On 11 October, a paper from VOX at the Centre for European Policy Research says that a profit-shifting database covering 95 countries to show that profit shifting on average has gradually declined since 2011 following efforts from governments and international organisations. However, companies across industries with high shares of intangible assets display an increase in profit shifting.
Another fine blog post on 12 October from the FCPA Blog says that businesses must help their employees create a more substantial barrier around the company’s data by following emerging information security standards. It runs through a number of cybersecurity certification regimes, including ISO 27001 and the Cybersecurity Maturity Model Certification (CMMC) from the US DoD.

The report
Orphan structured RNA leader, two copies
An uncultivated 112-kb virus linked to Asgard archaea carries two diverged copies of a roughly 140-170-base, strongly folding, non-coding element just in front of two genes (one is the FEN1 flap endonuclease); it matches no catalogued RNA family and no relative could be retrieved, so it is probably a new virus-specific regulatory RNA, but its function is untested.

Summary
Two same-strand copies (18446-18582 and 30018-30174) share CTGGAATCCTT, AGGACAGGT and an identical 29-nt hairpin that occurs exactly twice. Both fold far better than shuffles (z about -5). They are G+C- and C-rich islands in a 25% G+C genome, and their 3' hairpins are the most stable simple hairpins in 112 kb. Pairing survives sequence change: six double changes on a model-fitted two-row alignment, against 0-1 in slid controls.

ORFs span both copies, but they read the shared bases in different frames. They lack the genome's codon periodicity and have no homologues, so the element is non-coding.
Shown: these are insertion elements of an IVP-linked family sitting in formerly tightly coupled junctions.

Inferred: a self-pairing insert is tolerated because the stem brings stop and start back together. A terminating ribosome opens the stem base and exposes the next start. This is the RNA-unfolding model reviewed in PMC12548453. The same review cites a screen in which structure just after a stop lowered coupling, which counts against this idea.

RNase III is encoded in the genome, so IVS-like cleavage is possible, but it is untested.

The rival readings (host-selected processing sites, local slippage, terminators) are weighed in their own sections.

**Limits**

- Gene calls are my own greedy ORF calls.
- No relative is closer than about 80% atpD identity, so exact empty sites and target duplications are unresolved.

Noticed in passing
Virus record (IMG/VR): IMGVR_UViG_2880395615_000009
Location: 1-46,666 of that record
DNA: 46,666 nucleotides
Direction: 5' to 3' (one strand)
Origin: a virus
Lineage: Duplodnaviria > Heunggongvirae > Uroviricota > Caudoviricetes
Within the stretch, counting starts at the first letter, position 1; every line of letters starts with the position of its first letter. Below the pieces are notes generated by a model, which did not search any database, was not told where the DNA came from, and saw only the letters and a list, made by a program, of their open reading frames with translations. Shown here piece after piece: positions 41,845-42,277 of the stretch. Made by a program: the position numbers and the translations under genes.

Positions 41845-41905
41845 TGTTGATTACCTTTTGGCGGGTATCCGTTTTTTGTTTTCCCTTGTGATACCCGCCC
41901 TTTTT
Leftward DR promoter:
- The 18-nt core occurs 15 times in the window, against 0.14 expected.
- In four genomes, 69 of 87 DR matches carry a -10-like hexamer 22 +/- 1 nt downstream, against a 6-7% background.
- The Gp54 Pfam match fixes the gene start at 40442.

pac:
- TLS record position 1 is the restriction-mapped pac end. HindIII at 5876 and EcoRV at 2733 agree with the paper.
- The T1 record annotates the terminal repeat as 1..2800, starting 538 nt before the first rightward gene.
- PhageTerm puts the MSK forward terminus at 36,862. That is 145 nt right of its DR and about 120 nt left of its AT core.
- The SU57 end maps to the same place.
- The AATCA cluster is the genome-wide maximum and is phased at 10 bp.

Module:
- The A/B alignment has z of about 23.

POLISH AUTHORITIES APPREHEND MEMBERS OF RUSSIA-AFFILIATED MONEY LAUNDERING GROUP
On 12 October, Telewizja Poland reported that the Internal Security Agency has detained 3 more people linked with a criminal group whose roots lead back to Russia. It is estimated that its members were able to launder around €240 million in Poland, using Polish front companies and acceptingmoney mainly from Russia and transferring it to bank accounts in other countries, including the UK, countries in the Far East and so-called tax havens.